Ageha is a kid who likes to fight. He says he’ll solve problems for 10,000 yen, but that’s just an excuse to get into trouble. But when a former friend asks him for help, then disappears, he’s determined to figure out all the things she didn’t say and solve a mystery far bigger than he ever imagined . . .

This is primarily a mystery-driven story, so I’m going to try to avoid talking about plot or even characters as much as possible, since spoiling too much would ruin the fun. What I will say is that the story rockets through its twists and turns. The sci-fi angle starts by the end of the first chapter, and Ageha soon understands why Amamiya always looked so strung out. Now he’s stuck in the game as deeply as she is, and one false move will get them killed.

I really liked the characters, especially the four kids. Kyle was a particular favorite—he was rambunctious without being annoying, he had a neat darker-skinned character design, and his enthusiasm never lets up even when the situation looks extremely grim. And Ageha’s relationship with those kids, and his desire to protect them, changes their lives quite a bit.

Although Psyren doesn’t have the benefit of an anime, it does have the benefit of being complete. All volumes have been released by Viz, making it easy to acquire. (I can hope it gets the Ushio and Tora treatment of getting an anime adaptation well after the fact, but I won’t hold my breath.)

Overall this is another recommendation I’m glad I followed. The series is well worth checking out. It does end a bit fast, but the major story completes in a satisfactory way, and there were only a few bits that felt like they should have been fleshed out. I rate this series Highly Recommended.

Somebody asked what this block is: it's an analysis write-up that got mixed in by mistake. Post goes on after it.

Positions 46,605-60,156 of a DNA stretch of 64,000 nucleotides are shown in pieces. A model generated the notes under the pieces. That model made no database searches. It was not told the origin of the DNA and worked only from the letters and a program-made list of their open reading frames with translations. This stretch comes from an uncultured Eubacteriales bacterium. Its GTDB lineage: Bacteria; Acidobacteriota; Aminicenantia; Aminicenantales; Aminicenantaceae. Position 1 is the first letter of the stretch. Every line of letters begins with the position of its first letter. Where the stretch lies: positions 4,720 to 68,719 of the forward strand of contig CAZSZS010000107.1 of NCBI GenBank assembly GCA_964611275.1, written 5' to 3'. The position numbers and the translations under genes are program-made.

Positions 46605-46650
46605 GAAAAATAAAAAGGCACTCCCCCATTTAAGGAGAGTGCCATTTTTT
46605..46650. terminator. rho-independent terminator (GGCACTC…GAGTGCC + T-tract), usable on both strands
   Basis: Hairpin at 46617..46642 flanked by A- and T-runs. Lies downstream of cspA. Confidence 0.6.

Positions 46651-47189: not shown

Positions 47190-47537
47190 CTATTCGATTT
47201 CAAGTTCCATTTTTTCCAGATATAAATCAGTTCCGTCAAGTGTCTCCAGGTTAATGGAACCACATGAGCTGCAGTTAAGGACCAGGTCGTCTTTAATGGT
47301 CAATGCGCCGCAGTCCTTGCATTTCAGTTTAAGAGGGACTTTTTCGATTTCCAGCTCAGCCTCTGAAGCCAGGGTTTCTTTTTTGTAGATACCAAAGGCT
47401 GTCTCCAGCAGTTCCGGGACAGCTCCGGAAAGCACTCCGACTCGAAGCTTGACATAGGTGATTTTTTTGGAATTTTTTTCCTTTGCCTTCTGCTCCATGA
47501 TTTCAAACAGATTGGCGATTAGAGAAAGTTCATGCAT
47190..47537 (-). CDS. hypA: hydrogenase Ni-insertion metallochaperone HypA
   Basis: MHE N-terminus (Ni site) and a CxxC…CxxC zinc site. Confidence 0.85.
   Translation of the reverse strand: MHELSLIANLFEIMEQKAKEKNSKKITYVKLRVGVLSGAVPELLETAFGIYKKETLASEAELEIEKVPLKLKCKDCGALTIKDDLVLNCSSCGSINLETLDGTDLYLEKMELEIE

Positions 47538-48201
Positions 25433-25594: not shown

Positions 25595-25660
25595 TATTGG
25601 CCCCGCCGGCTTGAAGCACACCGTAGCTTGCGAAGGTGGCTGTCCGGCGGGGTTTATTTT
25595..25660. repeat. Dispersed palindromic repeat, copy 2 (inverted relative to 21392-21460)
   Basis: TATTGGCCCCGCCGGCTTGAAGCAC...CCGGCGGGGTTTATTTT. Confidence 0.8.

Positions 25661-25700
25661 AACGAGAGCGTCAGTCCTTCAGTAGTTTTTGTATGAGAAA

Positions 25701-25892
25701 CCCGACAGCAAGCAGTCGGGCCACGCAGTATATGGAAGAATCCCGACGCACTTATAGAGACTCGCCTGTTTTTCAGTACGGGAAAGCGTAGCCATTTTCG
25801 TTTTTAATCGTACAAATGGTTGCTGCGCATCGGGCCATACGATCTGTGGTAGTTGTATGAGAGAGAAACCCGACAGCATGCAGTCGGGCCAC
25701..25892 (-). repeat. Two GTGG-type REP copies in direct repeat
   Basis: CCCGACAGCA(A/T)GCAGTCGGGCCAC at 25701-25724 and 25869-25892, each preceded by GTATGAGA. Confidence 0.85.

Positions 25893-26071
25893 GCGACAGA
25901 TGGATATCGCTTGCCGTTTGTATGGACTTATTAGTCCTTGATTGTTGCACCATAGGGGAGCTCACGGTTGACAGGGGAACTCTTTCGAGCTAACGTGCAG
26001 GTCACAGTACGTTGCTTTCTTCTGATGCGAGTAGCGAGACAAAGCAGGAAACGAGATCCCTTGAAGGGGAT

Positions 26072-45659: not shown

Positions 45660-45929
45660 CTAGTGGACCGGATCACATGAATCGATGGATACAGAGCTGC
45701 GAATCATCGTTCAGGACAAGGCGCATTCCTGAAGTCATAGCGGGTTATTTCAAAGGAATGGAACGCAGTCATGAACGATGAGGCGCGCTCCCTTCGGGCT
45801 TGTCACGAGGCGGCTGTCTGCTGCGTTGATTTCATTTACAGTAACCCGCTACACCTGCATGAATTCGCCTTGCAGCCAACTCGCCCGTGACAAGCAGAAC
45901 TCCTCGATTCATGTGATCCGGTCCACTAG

City of Gods II: Horsemen (City of Gods #2)

Title: City of Gods II: Horsemen

Author: Jonathan Maas

Series: City of Gods #2

The Horsemen have learned much during their time at the Academy, but now they have to face final exams. True to form, the exams aren’t easy—and some of them require involving themselves in the outside world. And after, everyone is split up as they’re sent on their first real missions . . .

I still think this is better as “kids with powers” than Horsemen specifically, the little nod to a vision of horses notwithstanding. That said, it’s still an interesting world, and each of the kids gets a lot of opportunity to develop.

In some ways this feels like a novella about the final exams, followed by the first half of a book about their first missions. That’s not a bad thing—both stories rotate between all four Horsemen and the split means things can go in several directions. One of the missions, for example, is directly built on an exam.

I like that Gunnar’s challenge is more about leadership, because he’s not really used to working with others still, much less the people who actually end up by his side. And I liked that Rowan isn’t quite as one-dimensional as he’s seemed (I usually love berserkers, but Rowan being an arrogant bully cancelled that out). I liked that Saoirse picked up the biggest incongruity about the minotaurs and is clever in playing to her strengths. I liked that Kayana gets challenged over her sociopathic tendencies, because Tommy and Cassander show her she may be extremely intelligent but she’s operating from a bad set of assumptions about humanity. And Tommy not only has a chance to be more of a leader himself, he’s got hints about the shape of his destiny that intrigue me.

Some of the characters felt a bit weaker, though. Cassander sometimes comes across as less of a character and more of a mouthpiece, and I dearly hope Kayana’s “overpopulation is the problem” confronts the reality that people can be jerks just fine even if they have all their material needs met.

Overall, though, this is still a really unique setting that I’m enjoying a lot. It’s fun to see Apaches and Celts and Spartans and Amazons and so much more all vying for attention. There’s enough tech to be a light sci-fi while of course the gods provide a lot of magic. I rate this book Recommended.